Former Keesler Medical Chief Discusses Proposed Cutbacks

A former chief of staff at Keesler Medical Center says he's not surprised by proposed cutbacks recommended by the Pentagon.

The Pentagon's recommendations to BRAC suggest eliminating in-patient surgeries at Keesler, a move that could mean the loss of several hundred jobs.

Many people were surprised when the base closure process recommended essentially converting Keesler Medical Center into an out patient clinic. Dr. Stephen McDavid was not.

He saw changes coming when he served as chief of the medical staff at Keesler for nearly five years.

Keesler Medical Center was the final assignment in Dr. McDavid's military medical career. He was chief of the medical staff for more than four years.

"When you're struggling to keep patients to maintain programs, you've got to look at what are some other ways to look at this to better fit the need. And the need really is on the out patient," said Dr. McDavid.

The Pentagon's recommendation calls for eliminating in patient surgeries and overnight stays, to concentrate on out patient care.

"If they can do it smarter and re-consolidate, I don't think it's necessarily a loss either to the active duty or retired personnel in this area, because I think they'll still get their health care," he said.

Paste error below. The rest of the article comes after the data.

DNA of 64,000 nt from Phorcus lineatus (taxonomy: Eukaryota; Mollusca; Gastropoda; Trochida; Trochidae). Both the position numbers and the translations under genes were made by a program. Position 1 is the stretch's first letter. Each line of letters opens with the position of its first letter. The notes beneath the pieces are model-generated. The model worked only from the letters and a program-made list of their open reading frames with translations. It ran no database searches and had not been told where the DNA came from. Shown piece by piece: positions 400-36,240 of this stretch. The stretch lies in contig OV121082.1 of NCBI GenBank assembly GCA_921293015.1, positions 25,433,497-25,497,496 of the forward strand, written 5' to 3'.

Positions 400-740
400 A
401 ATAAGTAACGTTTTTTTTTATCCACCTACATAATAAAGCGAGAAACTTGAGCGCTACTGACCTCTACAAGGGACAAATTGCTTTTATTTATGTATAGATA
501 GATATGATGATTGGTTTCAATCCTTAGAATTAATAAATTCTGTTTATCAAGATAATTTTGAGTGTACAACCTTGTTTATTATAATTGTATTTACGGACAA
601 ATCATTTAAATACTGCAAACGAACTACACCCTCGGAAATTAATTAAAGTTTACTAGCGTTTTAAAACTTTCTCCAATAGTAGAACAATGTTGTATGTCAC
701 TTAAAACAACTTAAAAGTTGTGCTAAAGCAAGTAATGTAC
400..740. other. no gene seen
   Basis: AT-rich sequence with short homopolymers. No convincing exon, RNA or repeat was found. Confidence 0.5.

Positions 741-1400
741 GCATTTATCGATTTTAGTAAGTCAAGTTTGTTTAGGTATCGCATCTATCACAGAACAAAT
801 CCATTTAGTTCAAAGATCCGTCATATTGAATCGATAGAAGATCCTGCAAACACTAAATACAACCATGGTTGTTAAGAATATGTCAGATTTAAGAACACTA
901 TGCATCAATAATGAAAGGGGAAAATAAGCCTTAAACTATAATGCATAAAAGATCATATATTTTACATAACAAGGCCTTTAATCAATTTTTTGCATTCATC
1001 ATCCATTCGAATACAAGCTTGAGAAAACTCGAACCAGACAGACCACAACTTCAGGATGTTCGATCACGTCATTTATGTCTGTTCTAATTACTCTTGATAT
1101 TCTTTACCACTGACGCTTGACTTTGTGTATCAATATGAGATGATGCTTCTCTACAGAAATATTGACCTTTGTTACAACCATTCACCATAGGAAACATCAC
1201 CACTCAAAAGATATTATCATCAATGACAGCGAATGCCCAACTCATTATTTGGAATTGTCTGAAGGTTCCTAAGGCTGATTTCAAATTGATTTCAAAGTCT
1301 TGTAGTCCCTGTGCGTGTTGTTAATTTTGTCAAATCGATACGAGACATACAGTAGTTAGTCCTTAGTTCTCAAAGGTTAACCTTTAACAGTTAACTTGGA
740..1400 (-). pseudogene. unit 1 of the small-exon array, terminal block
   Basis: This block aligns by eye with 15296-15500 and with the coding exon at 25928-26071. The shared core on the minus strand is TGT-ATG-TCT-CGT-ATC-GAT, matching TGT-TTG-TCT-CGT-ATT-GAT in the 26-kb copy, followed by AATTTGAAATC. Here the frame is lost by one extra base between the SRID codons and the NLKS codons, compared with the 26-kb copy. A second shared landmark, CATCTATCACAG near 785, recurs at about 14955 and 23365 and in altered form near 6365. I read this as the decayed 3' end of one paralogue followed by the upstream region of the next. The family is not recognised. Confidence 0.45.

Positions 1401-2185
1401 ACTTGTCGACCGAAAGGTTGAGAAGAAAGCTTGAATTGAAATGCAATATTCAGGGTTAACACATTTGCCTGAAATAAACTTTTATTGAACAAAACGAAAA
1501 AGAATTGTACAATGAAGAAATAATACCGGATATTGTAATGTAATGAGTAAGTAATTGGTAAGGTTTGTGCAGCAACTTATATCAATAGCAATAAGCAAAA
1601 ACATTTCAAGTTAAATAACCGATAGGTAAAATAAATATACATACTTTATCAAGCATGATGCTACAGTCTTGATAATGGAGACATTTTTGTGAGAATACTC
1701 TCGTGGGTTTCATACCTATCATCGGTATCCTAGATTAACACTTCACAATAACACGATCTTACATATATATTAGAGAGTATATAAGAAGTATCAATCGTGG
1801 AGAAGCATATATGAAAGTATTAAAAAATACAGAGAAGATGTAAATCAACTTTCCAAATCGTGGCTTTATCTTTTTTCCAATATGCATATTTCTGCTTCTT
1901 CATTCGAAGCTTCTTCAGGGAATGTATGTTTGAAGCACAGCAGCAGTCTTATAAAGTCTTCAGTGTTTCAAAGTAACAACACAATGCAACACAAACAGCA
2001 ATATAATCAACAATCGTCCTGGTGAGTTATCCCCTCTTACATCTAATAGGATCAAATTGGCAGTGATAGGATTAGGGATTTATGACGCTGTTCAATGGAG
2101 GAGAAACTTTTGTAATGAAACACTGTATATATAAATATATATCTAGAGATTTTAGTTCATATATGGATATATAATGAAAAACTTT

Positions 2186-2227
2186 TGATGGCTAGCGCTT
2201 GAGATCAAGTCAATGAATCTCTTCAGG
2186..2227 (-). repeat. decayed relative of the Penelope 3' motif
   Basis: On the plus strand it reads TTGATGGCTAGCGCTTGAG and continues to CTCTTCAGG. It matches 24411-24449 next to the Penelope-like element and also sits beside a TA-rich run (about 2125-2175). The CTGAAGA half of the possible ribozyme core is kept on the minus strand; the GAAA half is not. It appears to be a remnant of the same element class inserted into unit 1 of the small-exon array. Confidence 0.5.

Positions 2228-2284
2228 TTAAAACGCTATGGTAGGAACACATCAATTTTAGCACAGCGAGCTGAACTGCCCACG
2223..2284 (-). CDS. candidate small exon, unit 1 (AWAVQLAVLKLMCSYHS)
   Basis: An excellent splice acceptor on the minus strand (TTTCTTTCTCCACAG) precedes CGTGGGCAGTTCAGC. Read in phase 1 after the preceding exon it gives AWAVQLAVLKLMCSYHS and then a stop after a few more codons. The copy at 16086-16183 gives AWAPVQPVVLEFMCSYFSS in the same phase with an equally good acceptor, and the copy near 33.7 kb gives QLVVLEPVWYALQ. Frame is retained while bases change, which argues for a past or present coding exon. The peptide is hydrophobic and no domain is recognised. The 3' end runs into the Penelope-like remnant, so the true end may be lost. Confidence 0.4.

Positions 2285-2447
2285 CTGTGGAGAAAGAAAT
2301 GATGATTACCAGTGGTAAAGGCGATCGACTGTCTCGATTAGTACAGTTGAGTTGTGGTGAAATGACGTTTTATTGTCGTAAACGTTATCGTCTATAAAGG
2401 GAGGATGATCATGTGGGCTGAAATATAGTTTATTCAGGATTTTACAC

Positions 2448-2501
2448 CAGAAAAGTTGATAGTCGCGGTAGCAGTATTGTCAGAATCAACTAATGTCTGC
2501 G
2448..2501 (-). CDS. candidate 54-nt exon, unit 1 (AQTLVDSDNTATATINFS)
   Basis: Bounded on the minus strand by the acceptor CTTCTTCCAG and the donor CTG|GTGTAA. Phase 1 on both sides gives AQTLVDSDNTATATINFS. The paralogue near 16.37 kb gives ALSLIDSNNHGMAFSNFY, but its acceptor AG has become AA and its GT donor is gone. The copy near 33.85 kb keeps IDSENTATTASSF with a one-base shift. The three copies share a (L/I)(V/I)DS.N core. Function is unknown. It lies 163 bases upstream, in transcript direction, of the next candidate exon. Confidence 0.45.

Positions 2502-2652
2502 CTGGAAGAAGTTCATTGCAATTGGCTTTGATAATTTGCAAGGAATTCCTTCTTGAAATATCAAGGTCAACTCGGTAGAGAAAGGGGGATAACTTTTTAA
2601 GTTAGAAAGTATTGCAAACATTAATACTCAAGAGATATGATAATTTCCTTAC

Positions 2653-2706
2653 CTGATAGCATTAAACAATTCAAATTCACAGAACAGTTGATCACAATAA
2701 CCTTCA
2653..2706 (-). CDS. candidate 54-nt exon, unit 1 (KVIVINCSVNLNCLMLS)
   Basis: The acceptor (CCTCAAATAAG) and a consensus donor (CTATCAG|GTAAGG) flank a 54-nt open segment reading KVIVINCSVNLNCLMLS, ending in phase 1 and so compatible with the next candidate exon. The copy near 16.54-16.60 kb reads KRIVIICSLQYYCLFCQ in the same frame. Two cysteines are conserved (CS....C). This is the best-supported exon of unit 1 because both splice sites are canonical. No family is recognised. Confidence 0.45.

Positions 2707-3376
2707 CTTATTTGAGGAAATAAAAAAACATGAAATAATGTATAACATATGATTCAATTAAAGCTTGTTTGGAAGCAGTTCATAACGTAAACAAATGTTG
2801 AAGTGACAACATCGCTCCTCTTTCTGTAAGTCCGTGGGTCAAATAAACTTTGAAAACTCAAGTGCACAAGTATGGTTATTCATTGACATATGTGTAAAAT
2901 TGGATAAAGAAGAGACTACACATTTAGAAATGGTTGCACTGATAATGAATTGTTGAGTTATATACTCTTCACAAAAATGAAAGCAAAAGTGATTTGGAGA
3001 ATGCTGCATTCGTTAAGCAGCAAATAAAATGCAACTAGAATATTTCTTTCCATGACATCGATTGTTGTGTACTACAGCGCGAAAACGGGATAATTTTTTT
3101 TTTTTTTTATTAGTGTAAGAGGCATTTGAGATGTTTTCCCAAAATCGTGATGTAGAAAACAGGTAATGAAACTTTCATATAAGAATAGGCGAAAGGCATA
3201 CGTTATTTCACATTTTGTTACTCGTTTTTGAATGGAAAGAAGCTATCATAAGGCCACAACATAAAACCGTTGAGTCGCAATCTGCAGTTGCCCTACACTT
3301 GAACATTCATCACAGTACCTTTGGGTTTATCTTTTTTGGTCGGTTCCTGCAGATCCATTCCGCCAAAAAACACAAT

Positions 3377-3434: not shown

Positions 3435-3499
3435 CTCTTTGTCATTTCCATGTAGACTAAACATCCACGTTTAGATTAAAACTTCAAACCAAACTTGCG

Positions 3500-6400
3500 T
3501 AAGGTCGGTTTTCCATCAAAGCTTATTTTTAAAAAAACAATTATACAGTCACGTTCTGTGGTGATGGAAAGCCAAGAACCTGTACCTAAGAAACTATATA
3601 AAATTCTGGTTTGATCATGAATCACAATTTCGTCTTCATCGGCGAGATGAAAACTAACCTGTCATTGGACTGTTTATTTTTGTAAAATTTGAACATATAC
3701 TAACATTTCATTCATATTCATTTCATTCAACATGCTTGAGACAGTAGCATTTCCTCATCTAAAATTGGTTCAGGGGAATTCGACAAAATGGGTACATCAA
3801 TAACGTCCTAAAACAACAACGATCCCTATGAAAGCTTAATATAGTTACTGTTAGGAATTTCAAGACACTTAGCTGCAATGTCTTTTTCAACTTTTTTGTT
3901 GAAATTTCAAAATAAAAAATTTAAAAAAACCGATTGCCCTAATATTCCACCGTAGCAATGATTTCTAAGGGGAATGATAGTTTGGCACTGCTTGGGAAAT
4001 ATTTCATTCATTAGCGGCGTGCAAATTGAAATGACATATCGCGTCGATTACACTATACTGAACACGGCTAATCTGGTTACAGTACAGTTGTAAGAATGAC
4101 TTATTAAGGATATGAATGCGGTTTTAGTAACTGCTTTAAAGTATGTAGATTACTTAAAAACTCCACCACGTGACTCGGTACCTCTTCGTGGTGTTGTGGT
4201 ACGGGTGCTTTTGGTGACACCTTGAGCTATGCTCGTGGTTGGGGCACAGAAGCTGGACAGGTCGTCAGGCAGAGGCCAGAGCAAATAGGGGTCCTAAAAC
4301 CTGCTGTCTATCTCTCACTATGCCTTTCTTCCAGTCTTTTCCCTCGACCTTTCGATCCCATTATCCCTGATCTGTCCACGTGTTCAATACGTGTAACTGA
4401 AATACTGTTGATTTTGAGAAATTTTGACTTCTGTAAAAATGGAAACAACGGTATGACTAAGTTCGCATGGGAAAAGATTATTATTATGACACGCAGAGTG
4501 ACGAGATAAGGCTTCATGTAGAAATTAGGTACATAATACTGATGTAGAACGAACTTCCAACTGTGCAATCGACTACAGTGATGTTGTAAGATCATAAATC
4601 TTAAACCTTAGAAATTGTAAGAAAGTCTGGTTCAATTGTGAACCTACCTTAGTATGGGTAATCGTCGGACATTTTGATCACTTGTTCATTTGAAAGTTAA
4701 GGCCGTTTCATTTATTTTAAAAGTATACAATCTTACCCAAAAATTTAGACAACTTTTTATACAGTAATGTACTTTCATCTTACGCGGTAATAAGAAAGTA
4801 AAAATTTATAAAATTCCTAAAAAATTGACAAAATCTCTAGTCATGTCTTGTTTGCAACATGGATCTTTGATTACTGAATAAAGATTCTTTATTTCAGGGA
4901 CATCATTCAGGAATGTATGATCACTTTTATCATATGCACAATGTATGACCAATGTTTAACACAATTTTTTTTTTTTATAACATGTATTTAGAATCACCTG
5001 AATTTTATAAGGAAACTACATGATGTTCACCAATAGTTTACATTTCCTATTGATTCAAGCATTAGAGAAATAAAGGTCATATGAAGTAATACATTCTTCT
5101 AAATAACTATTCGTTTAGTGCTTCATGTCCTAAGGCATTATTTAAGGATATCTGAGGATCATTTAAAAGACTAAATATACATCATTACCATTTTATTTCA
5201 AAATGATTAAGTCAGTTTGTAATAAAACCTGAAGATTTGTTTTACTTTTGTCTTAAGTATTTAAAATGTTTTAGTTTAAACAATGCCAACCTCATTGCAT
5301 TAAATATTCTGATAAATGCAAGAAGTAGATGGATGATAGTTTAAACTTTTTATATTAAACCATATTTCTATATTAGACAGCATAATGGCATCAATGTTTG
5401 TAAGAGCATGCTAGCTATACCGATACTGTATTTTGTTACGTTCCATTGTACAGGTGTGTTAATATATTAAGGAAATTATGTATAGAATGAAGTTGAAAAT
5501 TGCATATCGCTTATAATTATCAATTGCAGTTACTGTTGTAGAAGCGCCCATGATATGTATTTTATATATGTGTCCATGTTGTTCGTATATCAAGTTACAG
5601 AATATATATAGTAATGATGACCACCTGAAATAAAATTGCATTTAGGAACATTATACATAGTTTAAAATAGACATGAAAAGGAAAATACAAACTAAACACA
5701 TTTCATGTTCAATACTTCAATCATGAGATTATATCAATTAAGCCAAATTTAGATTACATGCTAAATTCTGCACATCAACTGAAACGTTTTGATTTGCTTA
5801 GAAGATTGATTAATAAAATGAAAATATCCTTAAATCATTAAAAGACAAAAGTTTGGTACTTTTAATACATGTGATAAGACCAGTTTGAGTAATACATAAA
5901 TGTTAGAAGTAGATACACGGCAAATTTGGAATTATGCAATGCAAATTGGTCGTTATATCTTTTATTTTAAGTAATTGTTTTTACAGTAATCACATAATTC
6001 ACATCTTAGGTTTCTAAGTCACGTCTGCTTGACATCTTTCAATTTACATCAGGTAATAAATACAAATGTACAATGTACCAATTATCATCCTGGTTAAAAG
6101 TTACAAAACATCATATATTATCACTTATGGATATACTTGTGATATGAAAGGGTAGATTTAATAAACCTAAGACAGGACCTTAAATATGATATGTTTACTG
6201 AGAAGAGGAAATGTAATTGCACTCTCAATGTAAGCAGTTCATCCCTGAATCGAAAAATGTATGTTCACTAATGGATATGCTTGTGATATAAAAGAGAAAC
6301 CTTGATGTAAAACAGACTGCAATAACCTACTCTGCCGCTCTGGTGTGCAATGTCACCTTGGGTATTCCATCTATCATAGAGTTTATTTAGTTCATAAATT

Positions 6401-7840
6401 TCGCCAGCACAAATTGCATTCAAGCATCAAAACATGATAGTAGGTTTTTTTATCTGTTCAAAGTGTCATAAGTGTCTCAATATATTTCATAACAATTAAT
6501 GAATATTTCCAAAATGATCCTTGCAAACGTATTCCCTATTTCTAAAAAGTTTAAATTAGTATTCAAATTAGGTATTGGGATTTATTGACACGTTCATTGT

Many military retirees would be directed to civilian doctors and medical centers. The re-tooling of Keesler, Dr. McDavid believes, would actually make the medical center more efficient for its primary mission.

"Keesler is a training center, with lots of young airmen coming out of basic training. And their medical needs are primarily out patient, orthopedic, sports injuries. Same things with their families," he said.

Dr. McDavid says the prescription for change at Keesler may be a difficult pill to swallow initially, but should prove beneficial for long term efficiency and security.

"Knowing that while I was there, there was a lot of effort to try and keep programs open that were struggling because of a lack of patients. I felt that this was probably going to be inevitable even two or three years ago," said Dr. McDavid.

He stressed that he has no problem with the quality of medical care at Keesler. He calls it among the best available. But he says there are ways to make the delivery of that health care more efficient.